The Outlaw Ocean-crime & survival on the last untamed frontier (Ian Urbina):

Impunity is the norm at sea, not just because of the lack of enforcement but also due to the cast of characters out there who, with questionable credentials and motives, are left to take up the slack. bureaucrats rather than investigators conduct what rare inspections actually occur on vessels suspected of environmental or labor abuses. Vigilantes and private mercenaries, as much as police or navy officers, patrol the high seas and pursue scofflaws. what laws apply in international waters have been crafted over the years more by diplomats and the fishing and shipping industries than by lawmakers or labor lawyers. This has made commercial secrecy a higher priority than crime prevention.”

off-the-scales! jostling for a senior position in best books of the decade, & blowing the doors off a subject & it’s contiguous phenomena that rarely gets appropriate attention, despite the obvious urgency & rich pickings from an investigative perspective. Outlaw Ocean is an extraordinary undertaking & achievement, & it is rightfully being recognized & regaled for the opus that it is, which makes a nice change.

exhaustive reporting from all over the globe, covering modern nautical slavery, trawling, overfishing, drilling, piracy, whaling, ocean acidification, climate-related disruption & habitat negation, dumping & pollution, with plenty in between. the writing style is marvelous, constantly informative & vividly descriptive.

The efficiency of these machines reminded me of what i had concluded as i left the whale research outpost. Through time, humanity’s capacity, both legally and scientifically, for extracting life from the oceans has greatly surpassed our ability to protect it.”

Urbina’s attention to pelagic slavery is extensive & trenchant. this is part of the “hidden cost” of the over-abundance of seafood in the global culinary market, especially the West & far East, who are both the most consumptive and the most profligate in their dietary obscenities. brutal & savage medieval violence & murder abound. vicious beatings & woundings at sea & grotesque exploitation along with living conditions that are reminiscent of victorian dungeons. Thailand, Vietnam, China & Taiwan seem to be the biggest & worse offenders with insane abuses & sub-humanity replete. its never that far from home though, as David Cameron of the British Conservative party so disgustingly demonstrated via his “secret” business meetings with the billionaire Thai shipping magnate & his slave fleet that was disclosed in the “Thai Prawn Scandal” during his episode as Prime Minister.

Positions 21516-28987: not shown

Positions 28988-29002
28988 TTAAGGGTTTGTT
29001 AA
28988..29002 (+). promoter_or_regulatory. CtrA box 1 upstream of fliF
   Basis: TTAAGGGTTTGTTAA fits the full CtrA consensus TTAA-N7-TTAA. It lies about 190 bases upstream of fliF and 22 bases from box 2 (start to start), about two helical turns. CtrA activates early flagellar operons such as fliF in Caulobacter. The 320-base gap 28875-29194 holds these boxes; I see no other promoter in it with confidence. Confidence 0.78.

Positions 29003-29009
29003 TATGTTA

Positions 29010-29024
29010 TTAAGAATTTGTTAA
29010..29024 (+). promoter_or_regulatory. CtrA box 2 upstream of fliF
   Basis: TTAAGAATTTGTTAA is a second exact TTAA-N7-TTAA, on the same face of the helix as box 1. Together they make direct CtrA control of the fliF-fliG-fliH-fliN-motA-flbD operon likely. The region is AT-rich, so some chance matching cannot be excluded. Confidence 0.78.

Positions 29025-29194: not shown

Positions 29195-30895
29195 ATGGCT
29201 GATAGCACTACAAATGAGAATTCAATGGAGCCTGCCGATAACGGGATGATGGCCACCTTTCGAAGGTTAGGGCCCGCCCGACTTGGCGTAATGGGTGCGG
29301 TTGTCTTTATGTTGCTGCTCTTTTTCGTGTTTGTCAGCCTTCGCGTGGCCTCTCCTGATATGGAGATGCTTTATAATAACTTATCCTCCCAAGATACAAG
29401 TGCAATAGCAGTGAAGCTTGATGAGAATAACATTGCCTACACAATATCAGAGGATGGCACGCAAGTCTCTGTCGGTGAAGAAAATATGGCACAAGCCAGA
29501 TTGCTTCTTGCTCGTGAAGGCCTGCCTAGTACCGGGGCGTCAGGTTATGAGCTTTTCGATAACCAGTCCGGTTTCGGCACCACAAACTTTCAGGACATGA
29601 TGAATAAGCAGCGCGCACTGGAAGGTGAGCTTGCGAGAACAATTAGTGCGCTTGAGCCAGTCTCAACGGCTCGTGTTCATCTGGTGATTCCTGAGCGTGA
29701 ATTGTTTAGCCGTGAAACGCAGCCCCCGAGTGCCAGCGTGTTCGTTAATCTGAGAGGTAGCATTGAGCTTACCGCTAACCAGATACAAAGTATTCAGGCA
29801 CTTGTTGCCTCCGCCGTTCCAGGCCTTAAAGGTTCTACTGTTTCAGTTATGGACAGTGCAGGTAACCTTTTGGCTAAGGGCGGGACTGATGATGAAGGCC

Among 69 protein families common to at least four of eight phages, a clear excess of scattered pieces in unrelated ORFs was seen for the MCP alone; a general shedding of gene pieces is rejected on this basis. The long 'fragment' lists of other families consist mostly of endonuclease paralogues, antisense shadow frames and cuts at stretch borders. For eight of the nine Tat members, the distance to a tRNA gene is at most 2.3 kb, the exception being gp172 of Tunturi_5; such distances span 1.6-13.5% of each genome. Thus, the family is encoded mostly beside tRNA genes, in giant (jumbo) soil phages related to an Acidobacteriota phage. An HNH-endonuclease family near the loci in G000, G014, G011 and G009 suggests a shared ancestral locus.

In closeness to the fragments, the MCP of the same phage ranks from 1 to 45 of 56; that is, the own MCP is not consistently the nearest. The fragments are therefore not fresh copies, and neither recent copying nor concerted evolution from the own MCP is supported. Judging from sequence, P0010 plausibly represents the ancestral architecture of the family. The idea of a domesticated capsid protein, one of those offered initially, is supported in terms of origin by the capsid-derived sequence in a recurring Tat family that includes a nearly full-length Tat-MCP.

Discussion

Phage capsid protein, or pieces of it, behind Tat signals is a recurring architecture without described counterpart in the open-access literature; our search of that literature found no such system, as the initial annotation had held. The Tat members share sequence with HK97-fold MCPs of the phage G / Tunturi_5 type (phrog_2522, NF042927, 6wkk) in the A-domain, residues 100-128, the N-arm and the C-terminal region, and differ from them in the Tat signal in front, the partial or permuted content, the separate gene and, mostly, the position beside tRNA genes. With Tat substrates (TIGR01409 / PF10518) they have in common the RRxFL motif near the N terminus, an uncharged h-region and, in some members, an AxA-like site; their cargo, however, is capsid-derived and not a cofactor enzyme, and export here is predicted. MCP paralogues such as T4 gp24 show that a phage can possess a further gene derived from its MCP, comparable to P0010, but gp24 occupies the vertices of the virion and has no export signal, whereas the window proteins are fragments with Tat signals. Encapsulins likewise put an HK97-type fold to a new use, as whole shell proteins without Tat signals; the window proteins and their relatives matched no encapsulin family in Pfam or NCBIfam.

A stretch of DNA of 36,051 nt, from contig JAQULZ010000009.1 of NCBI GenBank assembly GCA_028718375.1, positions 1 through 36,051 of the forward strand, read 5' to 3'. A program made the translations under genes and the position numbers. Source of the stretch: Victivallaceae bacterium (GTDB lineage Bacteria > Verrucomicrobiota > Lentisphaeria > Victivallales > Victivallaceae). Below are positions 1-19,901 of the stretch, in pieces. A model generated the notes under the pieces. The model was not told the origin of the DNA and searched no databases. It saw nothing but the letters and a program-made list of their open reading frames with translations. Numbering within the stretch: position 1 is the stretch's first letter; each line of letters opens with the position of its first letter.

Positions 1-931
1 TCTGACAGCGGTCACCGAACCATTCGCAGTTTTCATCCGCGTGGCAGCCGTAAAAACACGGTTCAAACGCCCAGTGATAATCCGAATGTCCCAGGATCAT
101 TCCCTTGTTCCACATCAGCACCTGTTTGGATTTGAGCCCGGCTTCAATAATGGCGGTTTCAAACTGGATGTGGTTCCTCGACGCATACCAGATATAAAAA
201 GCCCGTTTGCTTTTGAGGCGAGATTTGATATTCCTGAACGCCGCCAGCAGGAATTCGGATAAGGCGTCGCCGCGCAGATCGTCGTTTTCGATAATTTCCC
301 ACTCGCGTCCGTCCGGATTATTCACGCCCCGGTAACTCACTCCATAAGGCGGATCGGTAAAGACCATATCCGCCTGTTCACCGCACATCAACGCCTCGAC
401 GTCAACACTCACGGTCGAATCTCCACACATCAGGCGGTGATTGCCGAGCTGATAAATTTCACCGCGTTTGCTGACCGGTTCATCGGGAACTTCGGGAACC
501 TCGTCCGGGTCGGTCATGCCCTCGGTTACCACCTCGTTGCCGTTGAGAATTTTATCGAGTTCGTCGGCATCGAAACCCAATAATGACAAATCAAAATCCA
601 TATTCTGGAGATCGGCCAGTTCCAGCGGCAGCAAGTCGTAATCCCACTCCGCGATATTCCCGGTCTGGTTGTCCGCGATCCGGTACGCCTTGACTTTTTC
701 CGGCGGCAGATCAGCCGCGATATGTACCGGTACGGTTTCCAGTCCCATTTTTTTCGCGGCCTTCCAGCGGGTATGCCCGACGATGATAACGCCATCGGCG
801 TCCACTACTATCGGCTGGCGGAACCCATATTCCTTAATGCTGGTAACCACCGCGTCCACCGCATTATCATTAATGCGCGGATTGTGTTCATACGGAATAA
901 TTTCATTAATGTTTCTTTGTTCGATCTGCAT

Sexual assaults of passengers and staff on cruise liners, for example, has been especially difficult to investigate and prosecute. Cruise ships are often registered in foreign countries, the incidents occur in international waters, and the alleged perpetrators can be foreign nationals. When Congress held hearings on the problem, lawmakers discovered that nearly a third of reported sexual assaults on these ships were against minors.”

if you are looking for “smooth sailing” escapism, forget it. although never one to fail in expressing awe at the wonder around him when present (& there are lots of these moments), much of this incredible book is grim & distressing reading, a damning indictment of the species. poverty, futility, cruelty, organized crime, the feebleness of international politics & legislation, the destructive banjax of the free market & death capitalism, along with stupendous suicidal-short-termism for flash profits. its a resounding guilty verdict.

‘It’s a place with lots of temples, not much religion,’ I’d been told about the city. Along the Trang River was a string of unusually gaudy Buddhist temples, some of them half-built. As much a show of wealth as piety, these temples were commissioned mostly by the same fishing families accused of using forced labor and engaging in illegal fishing.”

even just from an “adventure” perspective, this book is like a modern-day Arabian Sands et al, with some of the most estranged, remote, esoteric, exotic & recondite areas, events, environments & situations, with an eclectic elastication of characters to match.

The quarters were so cramped that we could only fit by tucking on the floor under the crew’s hammocks, lying on our backs, lick corpses in coffins. Most of the crew had stripped down to their underwear. My nose nearly brushed the swinging hindquarters of the boy above me. Being that close to a complete stranger and breathing in his funk felt like an invasion of his privacy and a self-inflicted assault on mine. I was practiced at tolerating pungent odors, but this room was unusually challenging. Squeeze the fluids out some old football pads, add urine and pureed fish to the liquid, and boil it: such was the steamy aroma of that nook.”

an absolutely amazing endeavor of frontline journalism & an investigative milestone.

Ian Urbina, 2019, Vintage, 416 pages